Assistive technology- Any item, piece of equipment or product system whether acquired commercially off the shelf, modified, or customized, that is used to improve or increase functional capacities of individuals with disabilities (Assistive Technologies: Principles and Practice : Cook, A.M., & Hussey, S.M. (2000). Assistive technologies: principles and practice. St Louis: Mosby).
My understanding of assistive technology is simply that we are using the resources of our modern day and age in order to assist those who are disadvantaged in some way. We have such a wide range of technological advances that are happening all the time and at times its hard to keep up with the changes. In Occupational therapy I think it is essential that the therapist of today are well equipped and have a good idea about what assistive technologies are out there. Although at times it makes our heads hurt when we are trying to figure out how to use a new computer or we don’t know what this and that means, it is well worth knowing how to make the most of the incredible resources that we now have access to.
The iPad is perhaps one of the most exciting pieces of assistive technology at the moment. Not only is it a phenomenon in the work place, schools, or for editing your latest photos, it is being used all over the world for people with special needs. The iPad is a line of tablet computers designed and marketed by Apple Inc., primarily as a platform for audio-visual media including books, periodicals, movies, music, games, apps and web content. Like iPhone and iPod Touch, the iPad is controlled by a multi touch display as well as a virtual onscreen keyboard in lieu of a physical keyboard. The iPad is sold in Wi-Fi and cellular models. The Wi-Fi connection is used to access local area networks and the Internet. Apple released the first iPad in April 2010, selling 300,000 units on the first day and selling 3 million in 80 days. During 2010, Apple sold 14.8 million iPads worldwide, representing 75% of tablet PC sales at the end of 2010. By the release of the iPad 2 in March 2011, more than 15 million iPads had been sold, selling more than all other tablet PCs combined since the iPad's release. In 2011, it took approximately 73% of the tablet computing market share in the United States. During the fourth quarter of 2011, Apple sold 15.4 million iPads. The iPad's (first two generations) touchscreen display is a 1024 × 768 pixel, (197×148 mm) liquid crystal display (246.4 mm), with fingerprint- and scratch-resistant glass. The display responds to other sensors: an ambient light sensor to adjust screen brightness and a 3-axis accelerometer to sense iPad orientation and switch between portrait and landscape modes. Unlike the iPhone and iPod Touch's built-in applications, which work in three orientations (portrait, landscape-left and landscape-right), the iPad's built-in applications support screen rotation in all four orientations, including upside-down (Wikipedia. (2012). iPad. Retrieved from http://en.wikipedia.org/wiki/Ipad). The latest iPad has been described as resolutionary. “Pick up the new iPad and suddenly, it’s clear. You’re actually touching your photos, reading a book, playing the piano. Nothing comes between you and what you love. To make that hands-on experience even better, we made the fundamental elements of iPad better — the display, the camera and the wireless connection. All of which makes the new, third-generation iPad capable of so much more than you ever imagined”. (Apple Inc. (2012). Apple store. Retrieved from http://www.apple.com/nz/ipad/). The cost of an iPad can vary depending on the model, but ranges between NZ $579- $1228. There are over 20 000 app’s available for users so it’s safe to say that users have plenty more opportunity to engage themselves.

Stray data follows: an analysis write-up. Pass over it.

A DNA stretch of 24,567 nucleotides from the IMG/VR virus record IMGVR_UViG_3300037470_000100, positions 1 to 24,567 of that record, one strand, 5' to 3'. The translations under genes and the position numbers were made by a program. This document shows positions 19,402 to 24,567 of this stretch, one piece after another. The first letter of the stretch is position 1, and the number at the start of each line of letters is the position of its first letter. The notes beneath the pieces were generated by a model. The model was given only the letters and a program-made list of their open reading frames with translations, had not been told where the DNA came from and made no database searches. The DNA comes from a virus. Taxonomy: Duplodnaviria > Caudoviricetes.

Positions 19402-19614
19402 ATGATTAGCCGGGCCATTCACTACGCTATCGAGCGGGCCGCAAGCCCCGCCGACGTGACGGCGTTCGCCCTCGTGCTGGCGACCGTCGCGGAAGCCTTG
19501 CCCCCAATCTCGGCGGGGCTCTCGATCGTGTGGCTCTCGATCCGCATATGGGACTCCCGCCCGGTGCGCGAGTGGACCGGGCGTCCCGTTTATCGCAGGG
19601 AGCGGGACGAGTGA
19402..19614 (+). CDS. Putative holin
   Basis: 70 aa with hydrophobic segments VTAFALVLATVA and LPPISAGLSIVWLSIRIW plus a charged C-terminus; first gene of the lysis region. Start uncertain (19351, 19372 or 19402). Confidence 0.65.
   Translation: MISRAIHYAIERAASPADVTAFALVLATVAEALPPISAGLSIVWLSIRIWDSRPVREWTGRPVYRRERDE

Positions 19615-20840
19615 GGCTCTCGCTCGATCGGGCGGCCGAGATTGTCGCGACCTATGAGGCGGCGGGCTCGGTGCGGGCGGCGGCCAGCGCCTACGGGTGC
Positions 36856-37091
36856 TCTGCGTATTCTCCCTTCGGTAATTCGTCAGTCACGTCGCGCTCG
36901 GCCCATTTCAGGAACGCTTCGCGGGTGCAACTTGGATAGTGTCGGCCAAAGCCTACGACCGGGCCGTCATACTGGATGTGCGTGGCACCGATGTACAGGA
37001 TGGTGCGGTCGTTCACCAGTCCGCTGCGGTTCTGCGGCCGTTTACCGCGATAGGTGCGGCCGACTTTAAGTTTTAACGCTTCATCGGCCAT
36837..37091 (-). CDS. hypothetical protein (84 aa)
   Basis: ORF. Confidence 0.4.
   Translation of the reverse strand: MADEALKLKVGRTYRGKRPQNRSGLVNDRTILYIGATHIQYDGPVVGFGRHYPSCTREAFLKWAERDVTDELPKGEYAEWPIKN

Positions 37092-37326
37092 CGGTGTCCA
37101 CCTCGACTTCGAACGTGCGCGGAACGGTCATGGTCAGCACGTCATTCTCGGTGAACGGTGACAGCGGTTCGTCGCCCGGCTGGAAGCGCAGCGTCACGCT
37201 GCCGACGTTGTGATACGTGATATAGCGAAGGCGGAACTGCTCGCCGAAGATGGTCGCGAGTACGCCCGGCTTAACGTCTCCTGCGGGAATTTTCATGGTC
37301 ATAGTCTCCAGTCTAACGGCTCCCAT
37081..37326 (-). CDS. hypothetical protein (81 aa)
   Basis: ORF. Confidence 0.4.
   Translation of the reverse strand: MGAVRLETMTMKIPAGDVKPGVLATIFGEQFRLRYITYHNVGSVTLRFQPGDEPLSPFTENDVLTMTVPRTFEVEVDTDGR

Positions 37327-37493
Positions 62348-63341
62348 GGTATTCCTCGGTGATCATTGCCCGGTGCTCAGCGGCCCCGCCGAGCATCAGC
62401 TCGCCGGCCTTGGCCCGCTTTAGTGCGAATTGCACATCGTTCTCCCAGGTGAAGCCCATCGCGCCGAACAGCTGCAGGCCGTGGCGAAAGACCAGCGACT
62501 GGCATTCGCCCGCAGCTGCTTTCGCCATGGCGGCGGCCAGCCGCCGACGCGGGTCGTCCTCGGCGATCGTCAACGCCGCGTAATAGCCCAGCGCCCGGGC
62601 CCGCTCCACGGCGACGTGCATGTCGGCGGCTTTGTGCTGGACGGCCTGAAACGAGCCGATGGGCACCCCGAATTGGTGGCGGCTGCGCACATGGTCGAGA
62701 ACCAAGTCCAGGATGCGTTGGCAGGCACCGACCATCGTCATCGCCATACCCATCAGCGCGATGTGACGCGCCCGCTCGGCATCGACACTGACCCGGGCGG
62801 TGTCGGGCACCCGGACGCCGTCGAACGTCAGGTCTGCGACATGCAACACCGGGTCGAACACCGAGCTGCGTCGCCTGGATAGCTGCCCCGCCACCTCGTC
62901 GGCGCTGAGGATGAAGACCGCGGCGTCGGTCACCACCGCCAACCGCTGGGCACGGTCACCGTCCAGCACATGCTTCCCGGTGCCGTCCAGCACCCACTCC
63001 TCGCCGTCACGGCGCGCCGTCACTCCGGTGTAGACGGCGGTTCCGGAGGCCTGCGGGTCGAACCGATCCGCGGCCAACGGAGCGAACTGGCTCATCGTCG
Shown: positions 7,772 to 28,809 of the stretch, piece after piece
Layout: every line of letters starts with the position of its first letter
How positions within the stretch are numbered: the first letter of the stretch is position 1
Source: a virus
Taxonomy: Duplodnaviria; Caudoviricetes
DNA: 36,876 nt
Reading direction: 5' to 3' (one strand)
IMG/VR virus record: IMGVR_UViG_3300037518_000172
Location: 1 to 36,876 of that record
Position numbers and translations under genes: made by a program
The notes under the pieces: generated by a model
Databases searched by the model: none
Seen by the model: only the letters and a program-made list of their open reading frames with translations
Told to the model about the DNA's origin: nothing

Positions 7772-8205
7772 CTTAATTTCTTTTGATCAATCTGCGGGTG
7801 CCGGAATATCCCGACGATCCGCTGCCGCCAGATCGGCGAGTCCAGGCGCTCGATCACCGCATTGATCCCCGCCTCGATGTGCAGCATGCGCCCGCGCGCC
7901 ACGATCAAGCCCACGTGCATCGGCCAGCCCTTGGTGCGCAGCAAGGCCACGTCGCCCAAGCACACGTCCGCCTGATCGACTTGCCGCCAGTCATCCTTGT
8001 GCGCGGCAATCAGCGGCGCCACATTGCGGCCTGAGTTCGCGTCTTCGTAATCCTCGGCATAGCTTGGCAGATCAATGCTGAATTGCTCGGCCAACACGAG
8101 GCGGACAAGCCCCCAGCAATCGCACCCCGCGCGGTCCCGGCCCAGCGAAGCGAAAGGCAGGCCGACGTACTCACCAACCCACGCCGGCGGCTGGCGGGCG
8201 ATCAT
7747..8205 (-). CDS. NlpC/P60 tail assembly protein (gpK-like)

Here are a couple of videos showing just how the iPad is being used with people who have impairments.
And just for a bit of a laugh....
The iPad has something for everyone, even the cat!
And it has so many great uses! Perhaps a few you hadn't already thought off.